For years, I’ve been using a simple Google Docs document for my résumé. This has proven to be adequate to land me my current position at IBM, but it comes with some obvious drawbacks. For starters, Google Docs is not the most open format, and while you can certainly export to multiple document formats, it’s far from ideal. It lacks lots of customization options. Complex formatting, like having plenty of fonts, consistent styles, spacing, and margins is also tricky, having to use the mouse to drag and drop everything to format the document to your liking.
Don’t get me wrong, Google Docs and other WYSIWYG document editors like LibreOffice are very powerful tools, and have their uses, but I’ve discovered just how powerful LaTeX can be. I recently stumbled upon a beautiful résumé template created by Debarghya Das, and decided that mine was woefully inadequate. Seeing what LaTeX is capable of was enlightening, and despite having essentially no experience with it, I decided that I would build my own résumé using the technology. Because Debarghya was so generous as to post the LaTeX source code (including templates and fonts) on GitHub, I was able to use that as a starting point.
I decided I didn’t like the two column layout, so the first thing I did was to reduce this down to one. I began to transfer all of the information from my old résumé into the template and began playing around with the template. Isaac Newton once said “If I have seen further, it is by standing on the shoulders of giants”, and I feel that I wouldn’t have been nearly this successful without Debarghya and resources like StackOverflow and Quora. Through these resources, I found a way to create a perfect three column layout for the technical skills section and discovered how to align the years on the career and education sections to the right. I also looked at the source code and was able to play with things such as sizes of fonts, and I discovered how to embed metadata like the PDF author and title data into the .tex file. Using this knowledge I’ve gained, I was able to build a great looking document, and I decided to share my modifications (with proper attribution, of course) on GitHub. It’s truly wonderful to have a complete edit history of your résumé in a version-controlled repository.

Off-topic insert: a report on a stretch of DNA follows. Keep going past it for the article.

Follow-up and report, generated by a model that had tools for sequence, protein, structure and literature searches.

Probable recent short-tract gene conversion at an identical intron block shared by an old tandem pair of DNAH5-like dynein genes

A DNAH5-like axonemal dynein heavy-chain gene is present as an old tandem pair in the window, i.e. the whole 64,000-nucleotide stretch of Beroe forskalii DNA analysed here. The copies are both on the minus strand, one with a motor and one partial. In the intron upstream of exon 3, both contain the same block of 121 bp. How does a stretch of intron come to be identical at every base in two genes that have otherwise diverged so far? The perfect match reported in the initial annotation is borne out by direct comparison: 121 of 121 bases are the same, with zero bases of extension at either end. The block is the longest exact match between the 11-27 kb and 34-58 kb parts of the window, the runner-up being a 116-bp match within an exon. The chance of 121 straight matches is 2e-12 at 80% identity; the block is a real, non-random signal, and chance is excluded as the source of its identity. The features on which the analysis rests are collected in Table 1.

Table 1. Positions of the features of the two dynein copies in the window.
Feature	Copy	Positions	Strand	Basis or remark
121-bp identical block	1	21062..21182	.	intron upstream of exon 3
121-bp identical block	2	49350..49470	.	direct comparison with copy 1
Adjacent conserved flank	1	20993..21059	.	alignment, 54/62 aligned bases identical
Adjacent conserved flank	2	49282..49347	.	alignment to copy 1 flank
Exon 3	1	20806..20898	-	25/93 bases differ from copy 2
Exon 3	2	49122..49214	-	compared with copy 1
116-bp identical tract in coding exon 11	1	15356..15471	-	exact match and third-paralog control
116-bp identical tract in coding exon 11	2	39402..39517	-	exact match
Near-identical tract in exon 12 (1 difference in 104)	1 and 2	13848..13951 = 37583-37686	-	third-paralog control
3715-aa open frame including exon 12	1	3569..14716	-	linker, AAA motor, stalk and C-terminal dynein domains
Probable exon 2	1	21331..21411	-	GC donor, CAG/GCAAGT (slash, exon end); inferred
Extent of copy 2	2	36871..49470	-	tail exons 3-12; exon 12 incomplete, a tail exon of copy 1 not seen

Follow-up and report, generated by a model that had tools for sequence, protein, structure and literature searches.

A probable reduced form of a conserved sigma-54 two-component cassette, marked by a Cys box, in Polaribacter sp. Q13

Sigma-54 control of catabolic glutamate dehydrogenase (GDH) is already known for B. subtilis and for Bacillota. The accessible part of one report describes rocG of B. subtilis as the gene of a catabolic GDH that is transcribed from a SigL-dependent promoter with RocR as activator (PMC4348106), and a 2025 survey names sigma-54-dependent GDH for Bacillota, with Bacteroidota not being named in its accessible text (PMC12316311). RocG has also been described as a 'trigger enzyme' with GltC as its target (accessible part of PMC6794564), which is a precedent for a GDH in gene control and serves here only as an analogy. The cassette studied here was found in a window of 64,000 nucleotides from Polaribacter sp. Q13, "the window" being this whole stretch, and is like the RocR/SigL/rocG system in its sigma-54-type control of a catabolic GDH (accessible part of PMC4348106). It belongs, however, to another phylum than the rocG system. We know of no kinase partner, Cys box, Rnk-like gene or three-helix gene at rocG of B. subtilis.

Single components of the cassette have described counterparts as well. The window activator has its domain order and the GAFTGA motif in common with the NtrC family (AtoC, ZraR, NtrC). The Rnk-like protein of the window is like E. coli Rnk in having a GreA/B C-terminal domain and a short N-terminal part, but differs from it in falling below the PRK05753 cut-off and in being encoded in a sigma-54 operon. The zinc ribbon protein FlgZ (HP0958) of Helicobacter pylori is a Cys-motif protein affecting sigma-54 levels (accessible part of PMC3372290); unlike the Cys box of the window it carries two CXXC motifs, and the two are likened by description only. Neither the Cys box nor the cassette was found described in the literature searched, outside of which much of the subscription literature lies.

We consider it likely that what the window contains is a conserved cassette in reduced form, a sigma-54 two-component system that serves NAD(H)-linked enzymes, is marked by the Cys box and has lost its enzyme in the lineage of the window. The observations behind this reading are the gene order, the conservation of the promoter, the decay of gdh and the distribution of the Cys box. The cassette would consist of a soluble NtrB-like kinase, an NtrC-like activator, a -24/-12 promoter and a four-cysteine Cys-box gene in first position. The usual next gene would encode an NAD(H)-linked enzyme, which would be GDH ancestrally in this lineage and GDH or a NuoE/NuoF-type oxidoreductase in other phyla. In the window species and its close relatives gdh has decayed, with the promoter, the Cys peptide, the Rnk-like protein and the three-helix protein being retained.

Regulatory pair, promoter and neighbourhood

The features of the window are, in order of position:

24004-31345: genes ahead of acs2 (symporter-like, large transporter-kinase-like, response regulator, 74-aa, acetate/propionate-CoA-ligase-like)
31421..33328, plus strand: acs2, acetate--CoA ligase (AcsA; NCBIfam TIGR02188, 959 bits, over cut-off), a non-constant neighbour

One question that came to mind is how do I share my résumé on my website? I want to have the latest version at all times, and need it to be built from my GitHub repository. The first solution I discovered was a service that worked really well called Latex.Online. Through this service, I was able to generate a build URL that would build my document using their servers, and redirect my visitors to the PDF. This worked great, and I replaced the old document in the navigation section of the site.
Not satisfied with that though, I wanted to take it one step further. One issue with LaTeX.Online, if you can even call it an issue is that you need to wait 5-6 seconds for the file to compile from LaTeX into a PDF. Another is that I wanted to try to build a similar solution myself, and didn’t want to abuse their infrastructure. I decided to use a combination of cron and the texlive packages that I needed to build the document. Unfortunately, on CentOS 7, the operating system I’m currently using, there is no texlive-isodate, so I needed to copy a couple files into the résumé repository as a workaround, but it gets the job done. I’ve added a new cronjob to my ansible project, so the file is rebuilt from git and copied to the website’s directory and added a yum task so the relevant packages get installed when I redeploy my website.
The new solution works amazingly. Every 5 minutes, the repository is cloned using git. The LaTeX document is compiled into a PDF (this takes only a second or two), and the old version in the website’s files directory is overwritten. In order to enable this behavior, I had to add files to the .gitignore file so that there would be no merge conflicts when the main website repository synchronizes. You can view the compiled document here. The document currently includes the date it was compiled, to be able to tell if it is a dated version or not.